Perfect timing with NO sync is worse than random timing. Play with all the demos and get your timing just a little off then get it perfect again. You can be left with ugly artifacts on the screen for MINUTES - and the closer you are to the perfect speed, the longer your display stays borked. :slight_smile:

What your suggesting only makes sense if you can get a TRUE sync PERIODICALLY. Like if you could sync up every 60 seconds… could you keep the display stable inbetween with a carefully calibrated timer - that might be worth a solid effort… but with NO way to capture a true sync, you’re just a ship without a rudder.

Call me crazy but that sounds like if the more off-sync it will be the better the gray will display. It’s obvious that I don’t have any real idea of how that really works.

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You’re not crazy. The examples that showed grayscale before that attempted this artificial SYNC also suffered from this same artifact and it would populate as a slowly moving scan line. So you are trading what would otherwise look like a random flicker into something that is traceable with the eye.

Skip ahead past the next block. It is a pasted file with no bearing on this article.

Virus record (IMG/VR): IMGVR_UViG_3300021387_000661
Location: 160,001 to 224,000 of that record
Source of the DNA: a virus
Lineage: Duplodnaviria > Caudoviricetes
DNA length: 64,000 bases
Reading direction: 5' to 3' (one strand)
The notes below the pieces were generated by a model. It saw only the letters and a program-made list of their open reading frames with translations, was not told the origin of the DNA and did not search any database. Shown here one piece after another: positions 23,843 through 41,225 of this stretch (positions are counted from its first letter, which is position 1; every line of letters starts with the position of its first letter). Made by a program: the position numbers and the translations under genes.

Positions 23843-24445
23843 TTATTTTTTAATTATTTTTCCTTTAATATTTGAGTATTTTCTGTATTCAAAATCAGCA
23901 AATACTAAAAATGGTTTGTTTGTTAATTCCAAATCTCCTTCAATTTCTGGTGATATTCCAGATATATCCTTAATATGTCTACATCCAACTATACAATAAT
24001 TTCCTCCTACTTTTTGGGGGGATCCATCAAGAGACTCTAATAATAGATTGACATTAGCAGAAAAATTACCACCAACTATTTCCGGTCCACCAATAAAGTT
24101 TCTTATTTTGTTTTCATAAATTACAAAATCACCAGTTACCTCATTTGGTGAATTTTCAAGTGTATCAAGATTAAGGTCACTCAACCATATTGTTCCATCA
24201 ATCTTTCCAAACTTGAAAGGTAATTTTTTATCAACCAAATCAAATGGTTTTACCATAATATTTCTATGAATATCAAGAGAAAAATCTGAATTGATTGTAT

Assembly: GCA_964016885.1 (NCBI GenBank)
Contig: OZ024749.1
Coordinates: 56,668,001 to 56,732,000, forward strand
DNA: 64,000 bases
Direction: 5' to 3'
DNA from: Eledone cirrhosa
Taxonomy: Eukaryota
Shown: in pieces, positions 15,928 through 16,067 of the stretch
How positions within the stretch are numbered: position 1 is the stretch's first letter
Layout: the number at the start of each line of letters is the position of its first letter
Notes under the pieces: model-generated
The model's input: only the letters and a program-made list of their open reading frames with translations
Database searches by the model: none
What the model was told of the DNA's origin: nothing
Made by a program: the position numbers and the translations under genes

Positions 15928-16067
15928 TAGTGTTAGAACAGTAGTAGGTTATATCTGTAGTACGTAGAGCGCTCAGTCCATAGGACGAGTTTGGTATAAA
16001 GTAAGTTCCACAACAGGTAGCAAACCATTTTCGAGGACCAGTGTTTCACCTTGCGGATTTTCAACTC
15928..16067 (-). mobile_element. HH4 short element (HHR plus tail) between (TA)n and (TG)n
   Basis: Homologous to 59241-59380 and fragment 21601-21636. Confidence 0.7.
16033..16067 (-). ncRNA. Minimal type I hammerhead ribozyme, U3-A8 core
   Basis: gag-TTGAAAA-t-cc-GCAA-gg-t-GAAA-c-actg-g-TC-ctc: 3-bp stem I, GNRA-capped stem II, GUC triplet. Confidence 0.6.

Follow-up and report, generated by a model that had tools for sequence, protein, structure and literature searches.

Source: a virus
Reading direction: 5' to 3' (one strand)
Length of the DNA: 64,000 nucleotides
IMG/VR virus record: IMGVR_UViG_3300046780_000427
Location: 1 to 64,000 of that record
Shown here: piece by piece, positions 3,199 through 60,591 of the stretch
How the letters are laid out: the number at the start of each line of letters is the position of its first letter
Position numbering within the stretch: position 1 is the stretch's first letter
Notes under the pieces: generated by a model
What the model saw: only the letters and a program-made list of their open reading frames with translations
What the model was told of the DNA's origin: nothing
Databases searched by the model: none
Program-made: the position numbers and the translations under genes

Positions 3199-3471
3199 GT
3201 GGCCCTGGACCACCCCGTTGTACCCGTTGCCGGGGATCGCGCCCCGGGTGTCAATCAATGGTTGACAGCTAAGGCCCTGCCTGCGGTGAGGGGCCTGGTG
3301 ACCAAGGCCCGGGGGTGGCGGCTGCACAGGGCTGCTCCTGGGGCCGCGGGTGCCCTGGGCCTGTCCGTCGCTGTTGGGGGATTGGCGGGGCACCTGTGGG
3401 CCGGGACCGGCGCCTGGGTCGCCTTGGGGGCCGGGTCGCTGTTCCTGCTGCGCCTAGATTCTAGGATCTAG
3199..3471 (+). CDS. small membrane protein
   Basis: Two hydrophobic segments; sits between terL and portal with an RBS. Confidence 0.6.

This example here is novel as it saves on both cpu overhead and ram.

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There is some truth in that. Too bad that “make it perfectly out of sync” is the same type of problem as “make it perfectly in sync”, LOL. You can’t do either well without a sync signal.



@bateske LMAO damn in almost peed my pants laughing there.:laughing:

All I can say Kevin is get back to work …


I do not believe it is misleading for two reasons: first because I explain in the source code how this work and the fact that flickering cannot be avoided (without VSYNC). It’s just less flickering with less CPU usage (after manual calibration). And second:

because this is exactly what the controller does (and, from memory, I believe I even wrote that in the source code). Also, even when the controller swaps the buffer during vsync, flickering doesn’t go away completely because without VSYNC you cannot guarantee you will send the commands to swap the screen at the right time resulting in some frames staying visible longer then they should.

I know this and I have posted on this topic before. I am one of those annoying “it can’t be done without VSYNC” persons. What I published here is a low-overhead full screen (albeit half-vertical-resolution) gray technique based on double buffering on the display controller that results in less flickering compared to relying on the CPU pushing updates while racing display refresh.